Robinson is the first openly gay, noncelibate priest to be ordained to the Episcopal Church in the United States of America. Robinson was elected bishop in 2003 and entered office on March 7, 2004. This appointment prompted warnings of a possible schism between the Episcopal Church and the Anglican Communion.
Tuesday 28 August 2007 9:02-9:30
Repeated: Tuesday 28 August 2007 21:30-21:58
Monday, August 27, 2007
Films featuring gay themes or characters are to take centre stage at this year's Venice film festival, with the introduction of a new award. The "Queer Lion" award will sit alongside the regular Golden Lion award, with the aim of highlighting and honouring films that represent aspects of gay culture.
Venice's competition follows the lead of the Berlin film festival, which has awarded its own gay film award - the Teddy - for the past 21 years. "We aren't looking for the next Brokeback Mountain," competition director Daniel Casagrande told the Hollywood Reporter. "We are just looking for films that accurately portray gay characters or themes." Casagrande admitted that he had been lobbying the festival authorities for nearly four years to introduce the award.
It is estimated that between 10 and 12 films will be eligible for this year's Queer Lion. The winner will receive a replica of the Golden Lion, with its wings painted in the rainbow colours of the Gay Pride flag.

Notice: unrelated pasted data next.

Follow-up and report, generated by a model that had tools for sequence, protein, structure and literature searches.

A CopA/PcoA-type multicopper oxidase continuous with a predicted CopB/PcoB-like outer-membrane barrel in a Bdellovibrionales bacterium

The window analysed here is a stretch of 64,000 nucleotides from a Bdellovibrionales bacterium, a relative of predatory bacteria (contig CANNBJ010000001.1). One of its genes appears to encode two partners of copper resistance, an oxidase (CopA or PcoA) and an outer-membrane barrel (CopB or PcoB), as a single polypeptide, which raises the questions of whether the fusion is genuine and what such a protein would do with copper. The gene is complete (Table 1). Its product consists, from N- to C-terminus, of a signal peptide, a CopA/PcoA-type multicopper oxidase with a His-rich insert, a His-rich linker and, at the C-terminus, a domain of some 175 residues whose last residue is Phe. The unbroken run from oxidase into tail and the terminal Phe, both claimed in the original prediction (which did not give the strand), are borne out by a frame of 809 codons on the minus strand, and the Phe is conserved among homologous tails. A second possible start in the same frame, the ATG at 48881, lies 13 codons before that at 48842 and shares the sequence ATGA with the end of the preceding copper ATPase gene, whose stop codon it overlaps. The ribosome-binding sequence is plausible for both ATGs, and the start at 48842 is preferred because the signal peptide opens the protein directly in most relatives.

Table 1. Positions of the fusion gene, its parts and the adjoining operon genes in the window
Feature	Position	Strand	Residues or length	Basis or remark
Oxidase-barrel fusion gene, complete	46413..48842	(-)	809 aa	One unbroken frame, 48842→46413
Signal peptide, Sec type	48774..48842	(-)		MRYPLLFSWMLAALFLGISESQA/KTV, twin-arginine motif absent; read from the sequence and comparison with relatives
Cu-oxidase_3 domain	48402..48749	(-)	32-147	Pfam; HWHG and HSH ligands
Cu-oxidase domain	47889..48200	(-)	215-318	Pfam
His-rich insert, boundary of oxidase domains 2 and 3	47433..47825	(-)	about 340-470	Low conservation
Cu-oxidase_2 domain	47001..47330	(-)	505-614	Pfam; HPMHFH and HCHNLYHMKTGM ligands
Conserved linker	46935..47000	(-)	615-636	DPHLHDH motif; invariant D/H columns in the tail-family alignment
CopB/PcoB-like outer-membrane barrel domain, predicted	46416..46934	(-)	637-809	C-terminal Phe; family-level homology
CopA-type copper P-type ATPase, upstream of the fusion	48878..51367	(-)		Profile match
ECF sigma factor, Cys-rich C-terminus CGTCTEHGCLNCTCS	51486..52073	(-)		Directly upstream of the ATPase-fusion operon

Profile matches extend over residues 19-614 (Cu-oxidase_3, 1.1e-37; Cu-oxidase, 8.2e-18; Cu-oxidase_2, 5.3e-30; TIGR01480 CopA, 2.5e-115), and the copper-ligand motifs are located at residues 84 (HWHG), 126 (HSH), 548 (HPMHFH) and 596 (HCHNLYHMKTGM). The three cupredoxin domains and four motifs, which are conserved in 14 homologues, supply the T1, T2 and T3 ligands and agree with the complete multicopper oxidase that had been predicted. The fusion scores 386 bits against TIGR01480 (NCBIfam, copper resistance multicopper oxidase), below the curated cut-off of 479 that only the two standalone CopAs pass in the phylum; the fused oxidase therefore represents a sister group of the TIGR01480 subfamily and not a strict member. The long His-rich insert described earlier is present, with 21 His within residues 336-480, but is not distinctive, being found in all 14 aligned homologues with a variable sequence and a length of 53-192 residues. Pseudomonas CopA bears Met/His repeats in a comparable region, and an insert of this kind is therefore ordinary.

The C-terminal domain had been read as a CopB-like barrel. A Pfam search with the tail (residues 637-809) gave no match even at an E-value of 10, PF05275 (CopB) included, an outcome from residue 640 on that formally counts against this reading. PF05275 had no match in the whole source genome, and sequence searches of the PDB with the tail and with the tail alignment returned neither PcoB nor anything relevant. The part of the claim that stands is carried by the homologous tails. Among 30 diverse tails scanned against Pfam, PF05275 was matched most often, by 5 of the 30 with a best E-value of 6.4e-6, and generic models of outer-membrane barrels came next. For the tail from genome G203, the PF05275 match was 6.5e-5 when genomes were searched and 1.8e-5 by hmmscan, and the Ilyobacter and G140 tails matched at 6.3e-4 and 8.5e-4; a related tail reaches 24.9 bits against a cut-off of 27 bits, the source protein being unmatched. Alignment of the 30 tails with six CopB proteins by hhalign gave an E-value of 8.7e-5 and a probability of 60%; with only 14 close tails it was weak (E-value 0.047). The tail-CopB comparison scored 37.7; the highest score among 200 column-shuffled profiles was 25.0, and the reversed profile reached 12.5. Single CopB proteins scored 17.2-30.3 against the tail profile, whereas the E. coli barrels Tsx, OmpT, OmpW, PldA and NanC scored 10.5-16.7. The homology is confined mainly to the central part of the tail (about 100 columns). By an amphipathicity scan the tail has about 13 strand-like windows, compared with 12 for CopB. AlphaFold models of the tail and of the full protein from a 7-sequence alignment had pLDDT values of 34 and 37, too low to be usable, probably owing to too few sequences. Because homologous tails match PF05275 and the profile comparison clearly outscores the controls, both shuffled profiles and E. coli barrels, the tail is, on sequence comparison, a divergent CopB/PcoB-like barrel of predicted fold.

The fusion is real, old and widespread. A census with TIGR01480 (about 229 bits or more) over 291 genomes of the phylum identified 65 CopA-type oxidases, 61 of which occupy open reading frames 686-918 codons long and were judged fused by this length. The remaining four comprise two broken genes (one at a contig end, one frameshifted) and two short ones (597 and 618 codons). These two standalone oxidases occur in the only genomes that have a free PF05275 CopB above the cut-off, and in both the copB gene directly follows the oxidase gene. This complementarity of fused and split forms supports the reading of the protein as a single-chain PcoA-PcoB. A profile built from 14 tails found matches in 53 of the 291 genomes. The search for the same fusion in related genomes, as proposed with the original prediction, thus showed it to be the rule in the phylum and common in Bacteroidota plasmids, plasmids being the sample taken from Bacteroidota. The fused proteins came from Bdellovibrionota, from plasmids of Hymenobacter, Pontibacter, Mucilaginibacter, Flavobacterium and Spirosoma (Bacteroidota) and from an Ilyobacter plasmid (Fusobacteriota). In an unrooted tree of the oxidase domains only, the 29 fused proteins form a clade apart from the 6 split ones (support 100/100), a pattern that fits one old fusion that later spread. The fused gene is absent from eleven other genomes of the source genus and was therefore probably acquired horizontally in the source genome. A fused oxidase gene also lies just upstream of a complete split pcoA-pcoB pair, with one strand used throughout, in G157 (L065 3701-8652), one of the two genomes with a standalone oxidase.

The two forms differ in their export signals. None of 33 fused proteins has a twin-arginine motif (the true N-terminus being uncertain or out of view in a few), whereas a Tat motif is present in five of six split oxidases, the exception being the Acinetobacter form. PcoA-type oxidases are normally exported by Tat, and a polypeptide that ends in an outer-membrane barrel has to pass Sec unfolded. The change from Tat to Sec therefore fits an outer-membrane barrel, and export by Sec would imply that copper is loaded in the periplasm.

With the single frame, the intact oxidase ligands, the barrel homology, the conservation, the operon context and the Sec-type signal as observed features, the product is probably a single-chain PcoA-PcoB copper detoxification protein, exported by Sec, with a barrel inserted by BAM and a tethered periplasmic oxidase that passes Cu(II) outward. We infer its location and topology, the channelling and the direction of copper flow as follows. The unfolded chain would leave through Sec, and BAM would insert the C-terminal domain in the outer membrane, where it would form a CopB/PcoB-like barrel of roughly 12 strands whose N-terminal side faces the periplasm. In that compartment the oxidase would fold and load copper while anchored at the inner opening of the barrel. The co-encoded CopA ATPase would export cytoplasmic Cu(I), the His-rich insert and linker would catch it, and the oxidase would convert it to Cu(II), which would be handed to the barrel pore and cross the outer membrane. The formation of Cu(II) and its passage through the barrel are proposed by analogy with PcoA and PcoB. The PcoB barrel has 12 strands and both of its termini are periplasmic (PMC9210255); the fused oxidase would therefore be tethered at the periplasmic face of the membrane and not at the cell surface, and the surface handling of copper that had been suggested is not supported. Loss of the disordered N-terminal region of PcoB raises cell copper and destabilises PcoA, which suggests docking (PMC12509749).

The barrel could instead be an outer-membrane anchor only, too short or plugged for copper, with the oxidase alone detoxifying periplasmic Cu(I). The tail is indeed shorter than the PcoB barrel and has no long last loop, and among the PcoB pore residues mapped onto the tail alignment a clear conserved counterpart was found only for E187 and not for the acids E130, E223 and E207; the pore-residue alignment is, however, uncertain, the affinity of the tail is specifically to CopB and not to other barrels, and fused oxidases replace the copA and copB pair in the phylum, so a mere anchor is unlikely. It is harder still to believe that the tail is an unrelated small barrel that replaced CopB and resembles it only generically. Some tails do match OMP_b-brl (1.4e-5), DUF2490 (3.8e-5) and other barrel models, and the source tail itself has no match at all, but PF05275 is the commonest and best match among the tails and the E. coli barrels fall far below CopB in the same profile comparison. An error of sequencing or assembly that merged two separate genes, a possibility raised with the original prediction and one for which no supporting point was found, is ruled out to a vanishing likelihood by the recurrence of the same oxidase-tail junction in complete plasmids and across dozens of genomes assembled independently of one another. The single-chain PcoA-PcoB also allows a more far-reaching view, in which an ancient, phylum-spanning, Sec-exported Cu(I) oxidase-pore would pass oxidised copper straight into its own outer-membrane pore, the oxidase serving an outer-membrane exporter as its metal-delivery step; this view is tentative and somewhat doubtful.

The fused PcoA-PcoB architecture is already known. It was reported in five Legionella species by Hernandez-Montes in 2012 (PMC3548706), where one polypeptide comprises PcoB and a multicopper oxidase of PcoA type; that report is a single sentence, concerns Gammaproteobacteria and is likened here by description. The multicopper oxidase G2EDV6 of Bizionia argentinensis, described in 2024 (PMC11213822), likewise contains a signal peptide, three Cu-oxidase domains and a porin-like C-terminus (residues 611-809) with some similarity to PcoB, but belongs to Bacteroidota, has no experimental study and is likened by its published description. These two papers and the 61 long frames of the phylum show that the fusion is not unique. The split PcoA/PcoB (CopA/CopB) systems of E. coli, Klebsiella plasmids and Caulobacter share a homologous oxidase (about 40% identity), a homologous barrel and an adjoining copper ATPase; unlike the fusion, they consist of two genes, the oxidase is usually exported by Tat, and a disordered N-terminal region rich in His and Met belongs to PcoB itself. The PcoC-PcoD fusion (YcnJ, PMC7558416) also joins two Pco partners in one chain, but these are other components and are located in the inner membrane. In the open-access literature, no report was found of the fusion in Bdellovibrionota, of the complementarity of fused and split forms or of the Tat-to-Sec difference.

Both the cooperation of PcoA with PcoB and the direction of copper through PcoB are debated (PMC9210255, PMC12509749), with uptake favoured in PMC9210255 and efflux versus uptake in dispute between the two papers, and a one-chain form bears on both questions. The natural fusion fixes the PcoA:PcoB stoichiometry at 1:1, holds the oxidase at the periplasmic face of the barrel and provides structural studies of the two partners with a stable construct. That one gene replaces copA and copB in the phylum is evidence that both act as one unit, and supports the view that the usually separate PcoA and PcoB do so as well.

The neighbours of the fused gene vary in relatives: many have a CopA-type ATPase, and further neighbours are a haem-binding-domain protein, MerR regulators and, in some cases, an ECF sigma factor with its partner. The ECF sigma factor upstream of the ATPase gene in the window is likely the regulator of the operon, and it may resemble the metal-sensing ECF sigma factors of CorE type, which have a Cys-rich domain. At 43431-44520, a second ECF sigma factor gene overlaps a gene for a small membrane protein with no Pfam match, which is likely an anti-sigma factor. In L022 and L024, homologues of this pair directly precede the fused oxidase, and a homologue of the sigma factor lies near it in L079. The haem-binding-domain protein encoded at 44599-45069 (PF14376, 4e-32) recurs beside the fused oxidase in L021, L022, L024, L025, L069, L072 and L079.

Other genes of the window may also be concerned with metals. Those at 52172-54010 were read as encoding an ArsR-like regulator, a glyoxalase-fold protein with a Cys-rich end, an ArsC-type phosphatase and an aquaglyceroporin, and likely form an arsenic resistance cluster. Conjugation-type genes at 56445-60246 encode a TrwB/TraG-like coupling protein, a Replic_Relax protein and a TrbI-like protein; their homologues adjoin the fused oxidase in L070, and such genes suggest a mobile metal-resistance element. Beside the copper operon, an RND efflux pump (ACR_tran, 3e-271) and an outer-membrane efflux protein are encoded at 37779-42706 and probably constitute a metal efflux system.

The 64th international Venice film festival runs August 29 - September 8.
* Queer Lion to roar at Venice Film Festival - Reuters
* Festival to offer gay film prize - BBC News
Venice Film Festival
Venice Film Festival on Wikipedia
Friday, August 24, 2007
More than a thousand people defied foul weather to take to the streets of Doncaster over the weekend to celebrate the Yorkshire town's first ever Pride.
The event, organised by Doncaster Partnership Against Homophobia and Transphobia, was held in the Market Place.
Revellers were treated to six hours of live performances as well as speeches from local police and council representatives.
There were also fairground rides and a busy market.
A spokesman for the organising committee said: "It was fantastic to see the mixture of different cultures, faiths and communities who came together for the sole purpose of celebrating and having fun.
"Safety was a main concern for the LGBT community and South Yorkshire Police, however what we saw and felt was mutual respect and acceptance of people's differences, which turned the atmosphere into confidence and excitement, and a very enjoyable event, for which we praise everyone involved."